Her first movie gig was as a motion capture artist for 2006 animated feature The Barbie Diaries, in which she provided the movements for the titular blonde. It wasn\'t long until she landed the part of new girl Jo Taylor in Nickelodeon\'s Big Time Rush, a role that (unfortunately for her) she is still best remembered for, despite long-running stints on ABC shows No Ordinary Family and The Secret Life of an American Teenager.

While she still has plenty of TV work in the pipeline, Tarver has been concentrating most of her efforts on finally making it big in the music industry, with her EP Tired Eyes finally made available to download in 2017 after six years in the making. Opening song \"Weekend Millionaire\" has actually been doing the rounds since 2015, when Tarver sat down with Teen Vogue to explain what the track meant to her. \"Living here, in the thick of my mid-20s, everyone\'s trying to figure themselves out,\" she said. \"The song is about my experiences of living in L.A. and that feeling of trying to keep up with the culture.\"

Chauncey Matthews

The whole mini-Michael Jackson thing Chauncey had going on was enough to convince both the viewers and the judges he was a star in the making, and in the end he was voted through to the final group as the only boy. The soulful singer struggled to catch his big break after the American Juniors disbanded, however. The group\'s appearance on the American Idol Christmas Special ended up being a very early peak in his career, and like his peers he began to consider a change of pace.

Matthews wound up studying at the San Diego School of Creative and Performing Arts where he was able to try his hand at the stage, taking on the part of the King of Siam in the school production of musical classic The King and I. Despite his performance earning him a nomination at the National High School Musical Theatre Awards, in the end it wasn\'t enough to build an acting career on and in the years since Chauncey has found his way back to music.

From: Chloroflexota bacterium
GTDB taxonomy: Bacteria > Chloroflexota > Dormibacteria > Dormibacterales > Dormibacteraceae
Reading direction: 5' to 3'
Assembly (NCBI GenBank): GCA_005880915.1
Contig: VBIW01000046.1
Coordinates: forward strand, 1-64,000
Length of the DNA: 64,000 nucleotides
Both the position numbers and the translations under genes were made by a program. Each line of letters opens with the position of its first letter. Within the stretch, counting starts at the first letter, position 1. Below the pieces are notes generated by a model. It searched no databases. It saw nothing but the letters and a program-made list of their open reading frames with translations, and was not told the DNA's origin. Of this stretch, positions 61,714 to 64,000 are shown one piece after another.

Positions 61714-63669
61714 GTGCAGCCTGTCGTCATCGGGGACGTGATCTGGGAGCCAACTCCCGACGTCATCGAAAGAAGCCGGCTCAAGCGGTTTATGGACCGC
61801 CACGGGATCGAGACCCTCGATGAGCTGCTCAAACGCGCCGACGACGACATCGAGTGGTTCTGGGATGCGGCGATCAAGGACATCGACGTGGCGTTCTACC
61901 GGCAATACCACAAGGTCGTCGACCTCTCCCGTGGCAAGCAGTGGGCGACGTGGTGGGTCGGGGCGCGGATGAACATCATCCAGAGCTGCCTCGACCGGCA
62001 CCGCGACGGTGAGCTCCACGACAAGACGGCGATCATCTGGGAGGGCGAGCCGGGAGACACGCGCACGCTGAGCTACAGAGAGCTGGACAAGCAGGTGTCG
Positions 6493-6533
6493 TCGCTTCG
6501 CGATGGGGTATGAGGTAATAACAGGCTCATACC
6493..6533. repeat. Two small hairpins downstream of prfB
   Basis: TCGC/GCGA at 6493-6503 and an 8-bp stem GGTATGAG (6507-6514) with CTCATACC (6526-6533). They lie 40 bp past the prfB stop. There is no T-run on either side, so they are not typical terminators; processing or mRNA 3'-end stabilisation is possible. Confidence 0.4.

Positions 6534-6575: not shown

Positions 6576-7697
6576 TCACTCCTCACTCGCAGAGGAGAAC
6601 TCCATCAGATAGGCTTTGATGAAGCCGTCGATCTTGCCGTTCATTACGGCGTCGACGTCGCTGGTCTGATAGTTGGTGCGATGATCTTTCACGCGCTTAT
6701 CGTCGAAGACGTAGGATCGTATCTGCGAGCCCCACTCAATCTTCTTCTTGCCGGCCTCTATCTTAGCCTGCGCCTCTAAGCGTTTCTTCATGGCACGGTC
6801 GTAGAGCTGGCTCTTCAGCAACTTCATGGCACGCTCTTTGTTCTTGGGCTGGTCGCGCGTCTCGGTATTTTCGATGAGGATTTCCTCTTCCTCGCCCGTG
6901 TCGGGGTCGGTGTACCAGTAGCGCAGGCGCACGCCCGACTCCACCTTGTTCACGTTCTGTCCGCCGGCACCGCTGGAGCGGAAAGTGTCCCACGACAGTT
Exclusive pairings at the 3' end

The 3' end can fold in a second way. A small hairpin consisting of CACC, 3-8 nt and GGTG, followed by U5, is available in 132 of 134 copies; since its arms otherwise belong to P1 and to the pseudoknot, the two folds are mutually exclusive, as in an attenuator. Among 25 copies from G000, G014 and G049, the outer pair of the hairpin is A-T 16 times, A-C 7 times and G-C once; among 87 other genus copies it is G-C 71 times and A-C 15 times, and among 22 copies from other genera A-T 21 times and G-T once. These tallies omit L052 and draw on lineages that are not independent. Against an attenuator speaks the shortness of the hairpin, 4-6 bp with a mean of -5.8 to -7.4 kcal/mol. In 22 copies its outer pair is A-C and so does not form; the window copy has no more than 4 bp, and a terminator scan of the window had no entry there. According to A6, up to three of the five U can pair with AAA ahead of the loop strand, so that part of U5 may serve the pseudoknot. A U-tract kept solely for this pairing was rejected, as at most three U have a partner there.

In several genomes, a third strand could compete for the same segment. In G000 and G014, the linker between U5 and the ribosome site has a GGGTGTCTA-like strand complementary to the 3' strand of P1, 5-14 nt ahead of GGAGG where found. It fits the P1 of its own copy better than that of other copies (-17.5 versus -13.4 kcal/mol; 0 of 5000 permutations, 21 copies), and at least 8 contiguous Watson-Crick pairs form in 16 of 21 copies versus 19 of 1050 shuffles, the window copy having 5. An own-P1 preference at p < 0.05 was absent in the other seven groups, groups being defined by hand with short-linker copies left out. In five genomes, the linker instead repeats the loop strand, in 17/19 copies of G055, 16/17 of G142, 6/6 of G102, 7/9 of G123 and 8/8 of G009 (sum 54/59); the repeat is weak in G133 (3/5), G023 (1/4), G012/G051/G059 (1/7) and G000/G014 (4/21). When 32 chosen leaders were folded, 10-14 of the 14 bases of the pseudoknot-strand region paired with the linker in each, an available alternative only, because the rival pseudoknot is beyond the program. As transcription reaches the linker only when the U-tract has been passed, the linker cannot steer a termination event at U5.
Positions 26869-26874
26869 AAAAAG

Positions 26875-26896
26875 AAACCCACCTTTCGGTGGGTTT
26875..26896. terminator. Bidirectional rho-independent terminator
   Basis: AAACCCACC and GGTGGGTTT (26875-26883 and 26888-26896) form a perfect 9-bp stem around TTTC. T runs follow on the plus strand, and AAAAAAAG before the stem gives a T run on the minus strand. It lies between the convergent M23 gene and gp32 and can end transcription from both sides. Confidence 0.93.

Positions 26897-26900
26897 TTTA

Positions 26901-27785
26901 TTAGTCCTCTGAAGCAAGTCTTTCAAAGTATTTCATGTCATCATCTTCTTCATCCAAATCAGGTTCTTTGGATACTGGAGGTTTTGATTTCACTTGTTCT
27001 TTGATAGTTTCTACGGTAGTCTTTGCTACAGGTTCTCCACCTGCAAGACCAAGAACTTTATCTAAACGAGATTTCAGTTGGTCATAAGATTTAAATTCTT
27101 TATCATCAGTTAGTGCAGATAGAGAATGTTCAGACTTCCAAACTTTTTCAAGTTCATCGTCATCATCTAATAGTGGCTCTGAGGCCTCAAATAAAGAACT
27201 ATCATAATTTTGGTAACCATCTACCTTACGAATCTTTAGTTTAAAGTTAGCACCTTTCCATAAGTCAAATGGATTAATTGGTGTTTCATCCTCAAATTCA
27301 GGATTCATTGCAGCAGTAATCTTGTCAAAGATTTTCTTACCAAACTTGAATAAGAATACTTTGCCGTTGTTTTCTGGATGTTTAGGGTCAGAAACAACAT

While he still indulges himself in the occasional low-key live performance, his main source of work is now Eye 2 Eye, who describe themselves as \"an engaging ensemble considered by many to be the most elite act in New England.\" Based out of Boston, the jazzy function band specialize in everything from corporate events to Bar Mitzvahs, though they also get the occasional big gig, having opened for Sir Elton John and performed for the New England Patriots in the past.

Danielle White

As the last one chosen, Danielle White made it into the final group of five by the skin of her teeth, but she managed to stay busier than most after the plug was pulled on the American Juniors in 2005. The following year White performed alongside the Orlando Philharmonic Orchestra at Seaworld (making video diaries to document the experience) and by 2010 she was announcing the release of her EP Landlady on iTunes. Ultimately though, she would use her time as an American Junior as a springboard to Hollywood, as she explained during her promotion for 2011 musical drama Beautiful Noise.

\"I started singing when I was about 11 or 10, around that age,\" she said. \"I had taken a couple of voice lessons from a teacher as FST... when I left I was actually on a TV show and that kind of propelled my singing career and opened me up to a whole new field, which was acting. I was signed by CAA and I started acting and I came to love it.\"

While the budding actress expressed interest in both a sequel and prequel to Beautiful Noise, which would have explored the backstory of her character Dez, neither came to fruition. She decided to take the bull by the horns and co-produce her own vehicle Blind Pass (2015), a \"dramatic thriller reminiscent of Basic Instinct and Last Tango in Paris,\" according to the movie\'s official Facebook page. The festival circuit didn\'t agree, however, and after a number of rejections writer/director Steve Tatone quietly released it on DVD through his own Midnight Pass Entertainment brand in 2017.

Morgan Burke

Morgan Burke\'s polished performances made him a strong contender to make the final group of five, though he just didn\'t inspire voters to pick up the phone in big numbers despite positive feedback from the panel of industry experts. Producer of countless number one records Lamont Dozier said that he thought he was \"looking at a young Jackie Wilson\" during Burke\'s performance of \"Build Me Up Buttercup,\" which fellow judge Debbie Gibson had previously called \"the performance of the night.\" His failure to make the cut gave him time to explore his passion for dance, however, and his decision to change direction paid off big time when he was chosen to train at the prestigious Debbie Allen Dance Academy in Los Angeles, one of just five students to be taken in on the much sought after scholarship.